In a downtown office, an insider: “Do the feds want to get rid of the CBC? They’ll never admit they want to kill it, but if they keep cutting us like they have been, that must be what they want to have happen. What they have to decide is whether they want to build it up or tear it down. If they want to build, they’ll find someone who can heal. But that’s not Watson. Watson knows journalism but he’s been missing in action. ”

But Watson is not missing—he is ordering a pile of Chinese food, halfshouting over the surrounding din and sitting awkwardly because, having lost a leg 30 years ago in a freak fall from a ladder, he has just had a hip replacement.

"There was a strong sense right up until the end of the Mulroney regime,” he says, “that there wasn’t very much public will, or political will, to give public broadcasting the kind of priority that it had always had. People were saying, Well, that’s not surprising. If it comes to an issue between public broadcasting and health care, who do you think is going to get the priority?’ ” How great was the effect of traditional Tory hostility on the government’s treatment of the CBC?

“Substantial,” replies Watson. “That’s not all-pervasive in the party. But the key guys at the centre around the Prime Minister came to believe that the public broadcaster was the enemy so why keep paying him?” The loud noontime party at the next table begins to drown out Watson, and he leans forward.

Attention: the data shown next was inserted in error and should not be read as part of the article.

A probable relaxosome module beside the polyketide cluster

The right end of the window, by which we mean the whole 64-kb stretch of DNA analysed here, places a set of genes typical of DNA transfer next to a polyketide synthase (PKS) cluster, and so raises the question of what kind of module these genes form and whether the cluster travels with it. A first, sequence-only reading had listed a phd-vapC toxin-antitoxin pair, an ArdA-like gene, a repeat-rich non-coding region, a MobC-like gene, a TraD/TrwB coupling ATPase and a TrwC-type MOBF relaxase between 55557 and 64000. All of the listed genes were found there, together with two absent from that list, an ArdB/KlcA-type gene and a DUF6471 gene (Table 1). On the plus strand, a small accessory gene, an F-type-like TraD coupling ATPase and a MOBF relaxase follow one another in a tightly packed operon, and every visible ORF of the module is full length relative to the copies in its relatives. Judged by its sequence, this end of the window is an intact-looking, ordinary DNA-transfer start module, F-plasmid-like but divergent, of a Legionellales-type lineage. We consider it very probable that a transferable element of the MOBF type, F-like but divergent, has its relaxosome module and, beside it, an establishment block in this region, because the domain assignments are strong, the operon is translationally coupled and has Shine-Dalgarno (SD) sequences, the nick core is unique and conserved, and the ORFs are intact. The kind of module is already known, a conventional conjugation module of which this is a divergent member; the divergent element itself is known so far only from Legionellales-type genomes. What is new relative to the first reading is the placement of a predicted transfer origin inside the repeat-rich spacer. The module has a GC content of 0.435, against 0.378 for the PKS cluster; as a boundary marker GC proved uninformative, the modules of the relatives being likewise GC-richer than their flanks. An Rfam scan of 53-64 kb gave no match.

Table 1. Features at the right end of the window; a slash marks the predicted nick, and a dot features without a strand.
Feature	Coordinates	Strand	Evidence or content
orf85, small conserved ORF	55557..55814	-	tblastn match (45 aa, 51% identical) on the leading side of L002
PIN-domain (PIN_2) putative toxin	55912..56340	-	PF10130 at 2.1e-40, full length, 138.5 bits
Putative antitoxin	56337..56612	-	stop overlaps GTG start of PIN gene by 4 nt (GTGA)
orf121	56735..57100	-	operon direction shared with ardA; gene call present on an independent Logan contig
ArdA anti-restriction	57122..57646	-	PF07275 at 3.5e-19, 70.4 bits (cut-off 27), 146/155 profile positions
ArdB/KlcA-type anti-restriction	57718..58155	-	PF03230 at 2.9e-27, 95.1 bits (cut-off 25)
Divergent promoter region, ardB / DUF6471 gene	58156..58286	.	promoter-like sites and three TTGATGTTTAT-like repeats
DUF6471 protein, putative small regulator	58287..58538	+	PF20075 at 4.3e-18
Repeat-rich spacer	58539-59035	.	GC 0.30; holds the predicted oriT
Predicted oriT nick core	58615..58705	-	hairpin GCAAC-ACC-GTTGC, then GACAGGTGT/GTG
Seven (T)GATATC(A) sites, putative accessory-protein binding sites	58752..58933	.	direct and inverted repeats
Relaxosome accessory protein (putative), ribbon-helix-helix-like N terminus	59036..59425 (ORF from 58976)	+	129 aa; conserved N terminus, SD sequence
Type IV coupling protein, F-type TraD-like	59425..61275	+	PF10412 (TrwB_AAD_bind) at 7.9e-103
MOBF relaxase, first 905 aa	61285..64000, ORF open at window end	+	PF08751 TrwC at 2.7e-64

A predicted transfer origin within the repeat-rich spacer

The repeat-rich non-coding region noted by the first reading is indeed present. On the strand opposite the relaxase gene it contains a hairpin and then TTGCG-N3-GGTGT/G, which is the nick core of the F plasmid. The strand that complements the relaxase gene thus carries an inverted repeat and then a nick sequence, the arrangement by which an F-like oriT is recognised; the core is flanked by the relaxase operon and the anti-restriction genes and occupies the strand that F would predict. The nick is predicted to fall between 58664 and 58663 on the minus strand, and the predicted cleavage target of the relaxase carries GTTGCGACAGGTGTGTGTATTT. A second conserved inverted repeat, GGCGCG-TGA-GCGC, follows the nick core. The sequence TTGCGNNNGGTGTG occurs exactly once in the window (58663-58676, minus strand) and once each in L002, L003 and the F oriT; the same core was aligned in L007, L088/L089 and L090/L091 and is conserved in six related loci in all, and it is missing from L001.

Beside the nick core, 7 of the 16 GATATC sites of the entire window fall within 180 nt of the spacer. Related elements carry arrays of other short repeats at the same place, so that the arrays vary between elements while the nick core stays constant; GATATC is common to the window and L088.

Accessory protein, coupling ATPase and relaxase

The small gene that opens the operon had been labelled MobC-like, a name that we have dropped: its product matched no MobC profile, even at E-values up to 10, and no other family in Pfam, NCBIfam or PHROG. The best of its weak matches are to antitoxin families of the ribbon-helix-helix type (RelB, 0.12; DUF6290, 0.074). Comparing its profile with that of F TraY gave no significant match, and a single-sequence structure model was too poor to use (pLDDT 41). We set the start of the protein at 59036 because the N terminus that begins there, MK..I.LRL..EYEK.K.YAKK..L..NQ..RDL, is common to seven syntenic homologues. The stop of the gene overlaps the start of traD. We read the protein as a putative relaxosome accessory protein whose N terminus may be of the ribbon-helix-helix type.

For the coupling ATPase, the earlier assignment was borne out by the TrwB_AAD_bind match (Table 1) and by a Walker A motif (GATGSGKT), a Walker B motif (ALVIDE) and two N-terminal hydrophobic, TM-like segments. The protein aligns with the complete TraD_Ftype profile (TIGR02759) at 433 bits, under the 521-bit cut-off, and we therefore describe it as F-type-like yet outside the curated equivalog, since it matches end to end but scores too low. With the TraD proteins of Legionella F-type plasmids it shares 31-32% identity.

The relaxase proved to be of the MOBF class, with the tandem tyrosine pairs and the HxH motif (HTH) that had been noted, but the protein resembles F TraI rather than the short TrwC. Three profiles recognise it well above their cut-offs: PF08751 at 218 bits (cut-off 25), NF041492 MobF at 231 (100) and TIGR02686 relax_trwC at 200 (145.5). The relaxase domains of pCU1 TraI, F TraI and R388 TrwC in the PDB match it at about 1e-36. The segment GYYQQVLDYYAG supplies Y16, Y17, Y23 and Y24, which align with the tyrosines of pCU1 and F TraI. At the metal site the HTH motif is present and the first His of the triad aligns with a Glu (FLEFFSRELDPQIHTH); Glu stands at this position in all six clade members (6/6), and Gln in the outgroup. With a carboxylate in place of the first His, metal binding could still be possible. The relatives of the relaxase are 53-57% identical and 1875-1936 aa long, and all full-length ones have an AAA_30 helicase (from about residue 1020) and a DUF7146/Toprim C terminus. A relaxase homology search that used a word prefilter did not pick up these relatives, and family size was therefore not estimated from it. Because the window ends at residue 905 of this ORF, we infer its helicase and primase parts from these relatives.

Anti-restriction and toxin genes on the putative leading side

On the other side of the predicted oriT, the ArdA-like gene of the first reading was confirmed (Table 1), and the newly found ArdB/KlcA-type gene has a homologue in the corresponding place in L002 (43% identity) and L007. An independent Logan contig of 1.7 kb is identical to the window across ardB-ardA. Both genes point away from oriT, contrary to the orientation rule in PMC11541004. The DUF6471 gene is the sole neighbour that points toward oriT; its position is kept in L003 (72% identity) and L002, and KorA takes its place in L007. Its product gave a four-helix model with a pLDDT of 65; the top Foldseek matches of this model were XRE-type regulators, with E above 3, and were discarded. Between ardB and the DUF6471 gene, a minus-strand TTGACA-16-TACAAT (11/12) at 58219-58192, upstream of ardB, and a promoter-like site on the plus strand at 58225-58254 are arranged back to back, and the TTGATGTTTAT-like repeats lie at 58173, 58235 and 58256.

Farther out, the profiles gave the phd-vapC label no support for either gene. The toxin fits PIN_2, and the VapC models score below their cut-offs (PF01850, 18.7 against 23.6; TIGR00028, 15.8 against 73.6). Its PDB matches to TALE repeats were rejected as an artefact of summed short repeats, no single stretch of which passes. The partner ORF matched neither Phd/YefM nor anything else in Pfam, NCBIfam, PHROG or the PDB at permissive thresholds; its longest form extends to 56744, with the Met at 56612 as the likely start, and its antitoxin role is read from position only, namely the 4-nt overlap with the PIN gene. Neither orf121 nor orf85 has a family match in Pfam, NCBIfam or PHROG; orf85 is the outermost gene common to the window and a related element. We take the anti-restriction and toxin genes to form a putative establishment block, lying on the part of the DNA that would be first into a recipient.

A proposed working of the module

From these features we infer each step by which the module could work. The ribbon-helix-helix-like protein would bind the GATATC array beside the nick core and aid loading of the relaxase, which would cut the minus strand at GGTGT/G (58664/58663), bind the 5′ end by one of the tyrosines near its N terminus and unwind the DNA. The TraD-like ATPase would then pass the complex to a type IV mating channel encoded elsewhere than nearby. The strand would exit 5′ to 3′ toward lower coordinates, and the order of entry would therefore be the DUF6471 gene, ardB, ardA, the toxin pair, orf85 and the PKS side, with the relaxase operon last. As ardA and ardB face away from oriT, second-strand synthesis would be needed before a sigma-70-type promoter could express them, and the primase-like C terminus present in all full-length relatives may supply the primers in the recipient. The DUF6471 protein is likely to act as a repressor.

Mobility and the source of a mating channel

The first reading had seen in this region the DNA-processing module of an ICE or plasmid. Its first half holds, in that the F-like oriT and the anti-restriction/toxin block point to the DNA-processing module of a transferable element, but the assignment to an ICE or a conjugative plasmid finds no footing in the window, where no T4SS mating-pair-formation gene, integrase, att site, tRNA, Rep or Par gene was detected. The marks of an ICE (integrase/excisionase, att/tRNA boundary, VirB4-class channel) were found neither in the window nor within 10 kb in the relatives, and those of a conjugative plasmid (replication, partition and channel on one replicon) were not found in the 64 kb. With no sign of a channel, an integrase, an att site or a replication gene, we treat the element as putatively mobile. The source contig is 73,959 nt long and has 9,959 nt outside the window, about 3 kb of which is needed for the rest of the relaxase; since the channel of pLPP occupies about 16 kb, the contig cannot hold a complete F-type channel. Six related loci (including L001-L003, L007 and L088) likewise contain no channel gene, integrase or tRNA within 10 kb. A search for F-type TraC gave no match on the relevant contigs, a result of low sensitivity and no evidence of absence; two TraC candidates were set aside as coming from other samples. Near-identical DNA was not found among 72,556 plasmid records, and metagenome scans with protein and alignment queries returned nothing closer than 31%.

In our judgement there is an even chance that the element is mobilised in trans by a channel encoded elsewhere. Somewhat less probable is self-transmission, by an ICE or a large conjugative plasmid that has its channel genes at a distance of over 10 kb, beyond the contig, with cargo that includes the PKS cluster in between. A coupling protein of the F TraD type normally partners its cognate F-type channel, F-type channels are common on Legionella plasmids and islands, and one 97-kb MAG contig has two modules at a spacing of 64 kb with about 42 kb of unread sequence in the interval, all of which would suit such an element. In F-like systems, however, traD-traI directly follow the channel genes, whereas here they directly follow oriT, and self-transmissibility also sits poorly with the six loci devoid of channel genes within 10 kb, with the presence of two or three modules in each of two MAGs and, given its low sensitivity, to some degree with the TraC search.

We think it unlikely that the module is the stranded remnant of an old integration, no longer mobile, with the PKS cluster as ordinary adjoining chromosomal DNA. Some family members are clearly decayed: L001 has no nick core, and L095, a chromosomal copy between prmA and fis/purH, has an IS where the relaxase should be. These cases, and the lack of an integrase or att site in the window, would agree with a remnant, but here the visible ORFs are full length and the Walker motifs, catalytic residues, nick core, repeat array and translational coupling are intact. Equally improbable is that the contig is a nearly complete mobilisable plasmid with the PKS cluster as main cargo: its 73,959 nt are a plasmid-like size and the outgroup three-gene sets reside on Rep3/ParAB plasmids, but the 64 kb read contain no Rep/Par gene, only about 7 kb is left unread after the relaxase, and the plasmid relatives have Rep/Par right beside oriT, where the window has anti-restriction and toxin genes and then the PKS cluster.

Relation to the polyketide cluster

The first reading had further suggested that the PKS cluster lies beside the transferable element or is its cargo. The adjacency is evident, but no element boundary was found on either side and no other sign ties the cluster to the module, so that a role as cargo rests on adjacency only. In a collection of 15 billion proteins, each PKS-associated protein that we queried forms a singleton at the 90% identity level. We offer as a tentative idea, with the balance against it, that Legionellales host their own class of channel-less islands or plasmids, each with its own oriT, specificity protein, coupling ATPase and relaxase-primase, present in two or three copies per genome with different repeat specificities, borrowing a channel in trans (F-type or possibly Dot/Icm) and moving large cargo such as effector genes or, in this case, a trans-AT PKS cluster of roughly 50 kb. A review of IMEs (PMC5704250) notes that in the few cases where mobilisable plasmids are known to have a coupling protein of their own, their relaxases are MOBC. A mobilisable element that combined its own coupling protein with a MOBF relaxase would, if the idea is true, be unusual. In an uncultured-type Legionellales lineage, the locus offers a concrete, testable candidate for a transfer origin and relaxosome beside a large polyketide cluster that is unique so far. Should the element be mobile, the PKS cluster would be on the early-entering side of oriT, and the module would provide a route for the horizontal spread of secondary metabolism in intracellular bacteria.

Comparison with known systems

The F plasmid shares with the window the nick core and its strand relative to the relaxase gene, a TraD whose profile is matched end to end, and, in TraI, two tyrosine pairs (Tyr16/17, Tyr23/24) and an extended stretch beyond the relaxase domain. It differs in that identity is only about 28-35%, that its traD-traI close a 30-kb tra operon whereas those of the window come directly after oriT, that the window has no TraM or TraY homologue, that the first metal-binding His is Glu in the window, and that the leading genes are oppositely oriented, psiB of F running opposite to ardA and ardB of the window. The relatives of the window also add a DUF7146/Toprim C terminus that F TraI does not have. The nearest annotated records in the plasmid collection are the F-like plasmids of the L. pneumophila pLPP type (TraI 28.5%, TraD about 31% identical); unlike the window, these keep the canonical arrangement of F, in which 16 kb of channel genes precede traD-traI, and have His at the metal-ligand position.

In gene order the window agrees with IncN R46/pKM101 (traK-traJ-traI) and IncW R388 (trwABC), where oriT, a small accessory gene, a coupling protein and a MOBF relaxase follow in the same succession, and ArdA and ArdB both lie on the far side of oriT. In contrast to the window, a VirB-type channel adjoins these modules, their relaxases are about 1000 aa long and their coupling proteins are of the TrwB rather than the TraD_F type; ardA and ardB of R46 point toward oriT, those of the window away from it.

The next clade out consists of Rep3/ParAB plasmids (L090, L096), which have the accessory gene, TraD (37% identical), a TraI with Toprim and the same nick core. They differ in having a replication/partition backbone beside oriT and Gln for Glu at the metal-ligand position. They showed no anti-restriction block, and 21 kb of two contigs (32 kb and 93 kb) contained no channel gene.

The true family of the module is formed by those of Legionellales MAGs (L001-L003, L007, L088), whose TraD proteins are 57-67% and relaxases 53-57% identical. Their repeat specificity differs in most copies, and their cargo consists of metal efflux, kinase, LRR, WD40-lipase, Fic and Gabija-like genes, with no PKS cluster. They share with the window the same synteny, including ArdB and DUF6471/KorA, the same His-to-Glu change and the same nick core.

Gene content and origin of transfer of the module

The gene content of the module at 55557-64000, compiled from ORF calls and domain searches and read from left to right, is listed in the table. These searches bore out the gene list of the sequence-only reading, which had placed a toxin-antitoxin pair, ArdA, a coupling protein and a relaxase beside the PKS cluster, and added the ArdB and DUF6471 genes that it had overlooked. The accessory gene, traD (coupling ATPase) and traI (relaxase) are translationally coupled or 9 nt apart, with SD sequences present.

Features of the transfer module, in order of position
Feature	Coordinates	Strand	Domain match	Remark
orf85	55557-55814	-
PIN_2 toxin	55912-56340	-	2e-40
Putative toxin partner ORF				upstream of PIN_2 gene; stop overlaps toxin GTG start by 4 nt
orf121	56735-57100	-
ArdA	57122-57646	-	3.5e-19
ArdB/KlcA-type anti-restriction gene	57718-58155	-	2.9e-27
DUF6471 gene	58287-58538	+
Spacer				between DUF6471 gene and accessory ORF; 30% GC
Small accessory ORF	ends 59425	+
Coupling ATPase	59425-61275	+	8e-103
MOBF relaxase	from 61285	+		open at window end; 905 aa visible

“The board of directors was very much involved in the whole repositioning thing, maybe more than a board should be. A board’s there to make policy. This board’s been very close to getting its hands on management, saying let’s do it this way and let’s do it that way. They were all appointed by a Tory government, but they’re not all Tory activists—though probably the majority were. But their commitment to public broadcasting is very strong. Still, it weakens the board when the public considers it to be composed entirely of friends of the party in power. I think the process of appointments is ripe for change.”

After running the CBC’s English television networks in the late 1970s and early 1980s and presiding over the launch of The Journal, Peter Heimdorf spent nine years as publisher of Toronto Life magazine. Since January, 1992, he has been chairman of TVOntario, the provincially funded television service. He orders in sandwiches and, for himself, a glass of milk.

“The internal battles at a broadcasting company matter so much because the consequences show up on the television screen. The differences in these battles are not just differences of personality, they are frequently differences of instinct, differences of emphasis, differences of philosophy and they are very important.” The office is large and quiet and two TV monitors flicker silently on the wall. The turmoil of the CBC is a long way off.

He finishes his sandwich and flicks a crumb off his trouser leg. “One of the things the CBC is going to have to do over the course of the next few years, particularly as they find there are 50, 60, 70 channels to compete with, is go back to being more than a network. The CBC started as a movement, a movement that rolled across the country with people demanding a broadcast service that somehow reflected their reality, and the CBC is going to have to go back to that, back to a time when it was essential in every major community in the country. It’s more than just a television program or a radio program. It is a set of ideas and a lifestyle and an involvement with the country.” That is the ideal. For Canada’s embattled, middle-aged broadcasting system, the reality is something else: declining budgets, dwindling hopes and discordant voices.